The Return of The Entrepreneur…

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I have been carrying around a twenty-dollar bill all week, being careful not to spend it in anticipation of once again meeting The Entrepreneur.

If you have been reading here, you may recall that about a week ago I talked about a local itinerant merchant whom I called The Entrepreneur. At the time that he last approached me, I didn’t have much cash and I was in a hurry. Even though I wasn’t going to purchase anything, he gave me a bracelet. I wear it all the time now. I like it, and it makes me feel happy to think of this unexpected gift.

I went to the store a couple of days ago, walking in the beautiful weather and taking extra-long to get where I was going. This was because I stopped often to gaze at drifts of daffodils and the high clouds in the bright blue sky, and to pet dogs. (All the dogs in the neighborhood seemed to be taking their owners for walks this fine day).

On short jaunts I try to travel without a purse, cumbersome nuisance that it sometimes is, so I just had my credit card in my pocket. I was walking along, on the slate sidewalk of course, noticing the various lemony and deep yellows of forsythia, when I remembered my twenty-dollar bill.  Hmm. I hadn’t seen The Entrepreneur all week, but, life being life, I’d better go get the money, just in case. It took only a few minutes, and then I continued on my way.

As I approached the store, I saw, standing right in front of the door, my merchant with his wares.  Eureka!  How was that for timing and placement?

There he was, wearing his usual smile and dressed in his usual hiking gear (long shorts, low boots, dark T-shirt). He did indeed look as if he’d been hiking for a few days: slightly disheveled, grimey, rugged and sinewy. He was about my size, which would be quite slight for a man. He had backpacks, front packs, and bulging cargo pockets full of the jewelry that he was selling.

The first thing he said after I greeted him was, “Here, we have to move away from the store.” OK, but why, I wondered. He wasn’t selling stolen goods or anything illegal. Maybe he was supposed to have a license to sell wares? I’ll have to check into that; I’m not used to feeling like I have to make my transactions in a clandestine manner. But, all we did was move down the sidewalk several yards. Maybe the store owners allow him to hang around as long as he doesn’t obstruct their doorway with his commerce?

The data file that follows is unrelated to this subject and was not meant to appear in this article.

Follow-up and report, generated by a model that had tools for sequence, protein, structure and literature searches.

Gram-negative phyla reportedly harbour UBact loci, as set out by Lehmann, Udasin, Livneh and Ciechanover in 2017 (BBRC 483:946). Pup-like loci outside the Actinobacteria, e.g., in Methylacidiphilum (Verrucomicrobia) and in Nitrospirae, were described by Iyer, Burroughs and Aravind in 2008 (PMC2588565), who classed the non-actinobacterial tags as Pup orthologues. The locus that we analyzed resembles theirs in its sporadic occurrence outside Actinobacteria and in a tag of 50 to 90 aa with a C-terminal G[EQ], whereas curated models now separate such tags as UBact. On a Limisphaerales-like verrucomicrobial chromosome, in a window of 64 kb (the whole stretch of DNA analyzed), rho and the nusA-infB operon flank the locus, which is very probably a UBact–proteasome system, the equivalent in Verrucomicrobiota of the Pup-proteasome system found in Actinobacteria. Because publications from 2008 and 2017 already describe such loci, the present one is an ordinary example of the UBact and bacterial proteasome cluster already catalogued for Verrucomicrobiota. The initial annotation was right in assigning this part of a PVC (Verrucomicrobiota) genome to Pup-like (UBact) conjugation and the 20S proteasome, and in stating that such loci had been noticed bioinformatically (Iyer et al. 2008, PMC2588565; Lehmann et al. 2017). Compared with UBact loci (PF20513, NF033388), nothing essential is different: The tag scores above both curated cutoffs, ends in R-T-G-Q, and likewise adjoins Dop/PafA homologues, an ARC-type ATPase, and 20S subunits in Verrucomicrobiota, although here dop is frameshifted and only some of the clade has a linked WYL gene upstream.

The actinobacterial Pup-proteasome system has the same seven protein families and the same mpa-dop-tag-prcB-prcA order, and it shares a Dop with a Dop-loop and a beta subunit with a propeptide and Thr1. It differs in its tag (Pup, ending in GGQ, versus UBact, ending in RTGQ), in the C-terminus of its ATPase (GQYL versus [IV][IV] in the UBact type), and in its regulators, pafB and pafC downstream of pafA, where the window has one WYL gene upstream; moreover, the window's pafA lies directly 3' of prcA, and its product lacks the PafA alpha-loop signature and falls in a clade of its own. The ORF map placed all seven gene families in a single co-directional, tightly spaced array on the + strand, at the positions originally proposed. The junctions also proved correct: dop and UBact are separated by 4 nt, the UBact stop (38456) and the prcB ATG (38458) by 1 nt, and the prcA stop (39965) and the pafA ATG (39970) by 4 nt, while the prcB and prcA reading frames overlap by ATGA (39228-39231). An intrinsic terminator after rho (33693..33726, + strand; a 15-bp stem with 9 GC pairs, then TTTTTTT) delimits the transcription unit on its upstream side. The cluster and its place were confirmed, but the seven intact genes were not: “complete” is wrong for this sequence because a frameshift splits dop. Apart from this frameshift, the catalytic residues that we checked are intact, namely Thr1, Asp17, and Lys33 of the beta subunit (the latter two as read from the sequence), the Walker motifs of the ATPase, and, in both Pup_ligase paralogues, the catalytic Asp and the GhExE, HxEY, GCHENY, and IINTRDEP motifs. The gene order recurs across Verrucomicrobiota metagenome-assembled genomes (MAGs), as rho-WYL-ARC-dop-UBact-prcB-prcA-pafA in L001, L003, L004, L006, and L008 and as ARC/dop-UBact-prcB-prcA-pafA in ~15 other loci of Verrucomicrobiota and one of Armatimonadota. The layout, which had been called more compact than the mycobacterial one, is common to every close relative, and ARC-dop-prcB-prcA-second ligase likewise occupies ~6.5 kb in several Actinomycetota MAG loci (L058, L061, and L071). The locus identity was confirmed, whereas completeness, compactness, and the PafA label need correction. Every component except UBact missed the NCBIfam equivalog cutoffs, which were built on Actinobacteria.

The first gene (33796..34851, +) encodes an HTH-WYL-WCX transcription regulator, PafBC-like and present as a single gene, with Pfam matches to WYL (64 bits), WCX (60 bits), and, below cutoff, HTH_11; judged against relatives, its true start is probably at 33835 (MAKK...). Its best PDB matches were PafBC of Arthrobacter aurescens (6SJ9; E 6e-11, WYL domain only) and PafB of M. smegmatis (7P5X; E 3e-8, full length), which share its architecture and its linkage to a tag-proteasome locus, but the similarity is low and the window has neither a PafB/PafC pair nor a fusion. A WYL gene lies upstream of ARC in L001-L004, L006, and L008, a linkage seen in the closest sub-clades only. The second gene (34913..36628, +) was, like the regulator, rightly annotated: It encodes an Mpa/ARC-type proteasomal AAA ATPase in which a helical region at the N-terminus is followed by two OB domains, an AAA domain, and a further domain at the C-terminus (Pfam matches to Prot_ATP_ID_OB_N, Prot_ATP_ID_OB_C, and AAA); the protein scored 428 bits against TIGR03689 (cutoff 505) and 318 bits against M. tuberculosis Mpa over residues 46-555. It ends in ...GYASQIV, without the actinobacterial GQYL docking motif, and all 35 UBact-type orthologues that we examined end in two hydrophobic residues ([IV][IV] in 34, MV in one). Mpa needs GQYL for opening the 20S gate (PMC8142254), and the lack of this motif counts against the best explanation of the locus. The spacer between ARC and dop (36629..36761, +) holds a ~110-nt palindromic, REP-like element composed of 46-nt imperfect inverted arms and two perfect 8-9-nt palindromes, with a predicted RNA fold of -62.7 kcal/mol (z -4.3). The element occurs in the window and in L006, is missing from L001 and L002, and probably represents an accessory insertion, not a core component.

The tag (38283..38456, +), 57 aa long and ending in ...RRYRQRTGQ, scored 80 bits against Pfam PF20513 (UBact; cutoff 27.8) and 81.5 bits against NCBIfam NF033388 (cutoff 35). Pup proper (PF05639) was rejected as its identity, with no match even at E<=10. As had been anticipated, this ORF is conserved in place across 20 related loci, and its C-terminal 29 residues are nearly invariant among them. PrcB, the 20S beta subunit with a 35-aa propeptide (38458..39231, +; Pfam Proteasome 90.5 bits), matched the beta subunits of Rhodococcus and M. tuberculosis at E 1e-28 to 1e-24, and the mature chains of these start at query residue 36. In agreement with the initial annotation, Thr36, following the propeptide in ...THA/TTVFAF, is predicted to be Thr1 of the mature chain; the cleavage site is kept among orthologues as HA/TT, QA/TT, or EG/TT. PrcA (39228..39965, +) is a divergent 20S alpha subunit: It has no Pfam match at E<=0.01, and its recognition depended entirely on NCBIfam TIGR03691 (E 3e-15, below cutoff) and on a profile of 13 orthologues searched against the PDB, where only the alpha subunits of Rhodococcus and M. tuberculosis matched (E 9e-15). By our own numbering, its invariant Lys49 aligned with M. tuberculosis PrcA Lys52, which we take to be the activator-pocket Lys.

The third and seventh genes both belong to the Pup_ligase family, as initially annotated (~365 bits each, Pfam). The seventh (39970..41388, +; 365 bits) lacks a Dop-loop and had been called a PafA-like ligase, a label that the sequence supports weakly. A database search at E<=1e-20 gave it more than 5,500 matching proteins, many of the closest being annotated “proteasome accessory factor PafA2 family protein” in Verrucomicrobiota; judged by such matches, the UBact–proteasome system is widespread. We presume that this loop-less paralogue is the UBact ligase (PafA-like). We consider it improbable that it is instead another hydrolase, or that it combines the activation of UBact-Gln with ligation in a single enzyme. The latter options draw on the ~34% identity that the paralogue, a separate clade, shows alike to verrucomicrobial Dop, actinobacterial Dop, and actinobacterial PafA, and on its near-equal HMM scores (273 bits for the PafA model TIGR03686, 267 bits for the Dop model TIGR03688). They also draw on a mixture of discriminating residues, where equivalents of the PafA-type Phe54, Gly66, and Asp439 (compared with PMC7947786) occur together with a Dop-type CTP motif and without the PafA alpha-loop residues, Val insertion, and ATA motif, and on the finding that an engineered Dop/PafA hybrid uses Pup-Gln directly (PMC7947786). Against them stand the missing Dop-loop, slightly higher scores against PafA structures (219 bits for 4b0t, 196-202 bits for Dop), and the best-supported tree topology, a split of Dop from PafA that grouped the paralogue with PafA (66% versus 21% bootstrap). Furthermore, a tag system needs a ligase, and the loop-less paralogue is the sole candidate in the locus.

He didn’t even remember that he had given me the bracelet, so he was not expecting payment for it in any way or dwelling on who was beholden to him. No matter the reason, isn’t that refreshing, in this day and time? He just smiled and showed me what he had on hand to sell:

“I got these. These are nice. And I got more. These are $10 each. Do you like these? Or how about these? I got earrings…”

He sold me three pieces of jewelry for $20, quite a bargain I thought, and then he thanked me profusely. When I turned away from him and was just about to walk into the store, he called after me, “Hey! Thank you…”

“Thank you!” He waved to me and smiled.

He was so full of genuine gratitude. I loved that. We should all be so grateful and gracious.

I think “The Lost Art of Gratitude” shall be a future wordpress post.

(Thank you for reading ; )

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6 Comments on “The Return of The Entrepreneur…”

  1. janinevasta says:

    Grace is another lost art Lily. Don’t you find? And maybe even harder to find. Your entrepreneur is a rare bird indeed.

  2. Grace is indeed another lost art…Thank you janinevasta for writing that thought.

    Thanks for another great pst which sheds light on how we can be a little bit warmer and kinder during our daily being.

    Be encouraged!


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